The Winter Sun Shines In: A Life of Masaoka Shikiby Donald Keene
Rather than resist the vast social and cultural changes sweeping Japan in the nineteenth century, the poet Masaoka Shiki (1867–1902) instead incorporated new Western influences into his country's native haiku and tanka verse. By reinvigorating these traditional forms, Shiki released them from outdated conventions and made them more responsive to newer trends
Rather than resist the vast social and cultural changes sweeping Japan in the nineteenth century, the poet Masaoka Shiki (1867–1902) instead incorporated new Western influences into his country's native haiku and tanka verse. By reinvigorating these traditional forms, Shiki released them from outdated conventions and made them more responsive to newer trends in artistic expression. Altogether, his reforms made the haiku Japan's most influential modern cultural export.
Using extensive readings of Shiki's own writings and accounts of the poet by his contemporaries and family, Donald Keene charts Shiki's revolutionary (and often contradictory) experiments with haiku and tanka, a dynamic process that made the survival of these traditional genres possible in a globalizing world. Keene particularly highlights random incidents and encounters in his impressionistic portrait of this tragically young life, moments that elicited significant shifts and discoveries in Shiki's work. The push and pull of a profoundly changing society is vividly felt in Keene's narrative, which also includes sharp observations of other recognizable characters, such as the famous novelist and critic Natsume Soseki. In addition, Keene reflects on his own personal relationship with Shiki's work, further developing the nuanced, deeply felt dimensions of its power.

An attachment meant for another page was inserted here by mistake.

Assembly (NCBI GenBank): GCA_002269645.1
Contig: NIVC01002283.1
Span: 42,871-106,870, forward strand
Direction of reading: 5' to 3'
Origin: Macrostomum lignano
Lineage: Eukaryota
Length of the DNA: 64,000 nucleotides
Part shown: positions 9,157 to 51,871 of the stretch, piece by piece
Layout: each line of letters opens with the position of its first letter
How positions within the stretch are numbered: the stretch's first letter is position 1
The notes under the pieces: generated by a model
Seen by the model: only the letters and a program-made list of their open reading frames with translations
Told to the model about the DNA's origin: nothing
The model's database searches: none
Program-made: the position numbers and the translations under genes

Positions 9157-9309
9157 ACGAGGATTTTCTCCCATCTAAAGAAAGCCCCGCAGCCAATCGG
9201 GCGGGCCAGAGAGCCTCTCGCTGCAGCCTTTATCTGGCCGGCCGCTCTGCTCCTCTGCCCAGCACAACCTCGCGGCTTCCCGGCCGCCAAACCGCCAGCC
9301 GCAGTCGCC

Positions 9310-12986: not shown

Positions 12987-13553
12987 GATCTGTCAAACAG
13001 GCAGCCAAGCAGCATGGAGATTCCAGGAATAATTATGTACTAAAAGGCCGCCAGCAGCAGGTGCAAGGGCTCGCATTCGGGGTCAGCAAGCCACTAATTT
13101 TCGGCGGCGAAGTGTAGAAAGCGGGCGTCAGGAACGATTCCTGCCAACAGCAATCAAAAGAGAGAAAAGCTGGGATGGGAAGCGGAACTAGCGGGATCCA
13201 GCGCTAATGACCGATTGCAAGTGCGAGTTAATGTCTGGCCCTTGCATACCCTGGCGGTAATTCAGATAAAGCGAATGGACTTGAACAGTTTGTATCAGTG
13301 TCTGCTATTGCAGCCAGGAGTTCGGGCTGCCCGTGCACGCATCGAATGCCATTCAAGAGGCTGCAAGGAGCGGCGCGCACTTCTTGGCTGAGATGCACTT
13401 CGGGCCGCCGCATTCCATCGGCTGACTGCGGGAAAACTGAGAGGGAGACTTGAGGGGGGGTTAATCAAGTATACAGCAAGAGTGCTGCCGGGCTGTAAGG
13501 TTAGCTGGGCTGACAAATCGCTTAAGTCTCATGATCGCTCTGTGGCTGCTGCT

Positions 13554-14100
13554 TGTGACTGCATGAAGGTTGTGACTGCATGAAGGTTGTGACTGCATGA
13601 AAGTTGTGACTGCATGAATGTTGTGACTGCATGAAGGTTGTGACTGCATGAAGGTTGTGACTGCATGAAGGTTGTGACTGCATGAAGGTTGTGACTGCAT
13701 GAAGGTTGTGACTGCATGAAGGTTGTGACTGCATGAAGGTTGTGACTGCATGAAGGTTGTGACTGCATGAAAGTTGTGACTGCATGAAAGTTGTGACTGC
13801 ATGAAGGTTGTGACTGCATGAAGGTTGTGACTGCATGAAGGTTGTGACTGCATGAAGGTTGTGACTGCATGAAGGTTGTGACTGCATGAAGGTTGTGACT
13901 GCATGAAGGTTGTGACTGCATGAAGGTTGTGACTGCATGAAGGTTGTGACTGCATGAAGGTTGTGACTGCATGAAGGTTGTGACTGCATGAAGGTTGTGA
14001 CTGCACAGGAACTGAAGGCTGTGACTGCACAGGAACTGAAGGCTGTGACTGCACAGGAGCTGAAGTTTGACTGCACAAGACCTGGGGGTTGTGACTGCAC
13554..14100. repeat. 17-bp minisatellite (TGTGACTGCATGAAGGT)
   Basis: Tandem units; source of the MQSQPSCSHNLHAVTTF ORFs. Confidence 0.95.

- Columbia University Press
- Publication date:
- Asia Perspectives: History, Society, and Culture Series
- Product dimensions:
- 5.80(w) x 8.30(h) x 1.00(d)
- Age Range:
- 18 Years
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Meet the Author
Donald Keene is Shincho Professor of Japanese Literature and University Professor Emeritus at Columbia University. He is the author of more than thirty books, and his Columbia University Press books include Emperor of Japan: Meiji and His World, 1852–1912 (2002); Frog in the Well: Portraits of Japan by Watanabe Kazan, 1793–1841 (2006); Chronicles of My Life: An American in the Heart of Japan (2008); and So Lovely a Country Will Never Perish: Wartime Diaries of Japanese Writers (2010). He is also the author of a definitive, multivolume history of Japanese literature.
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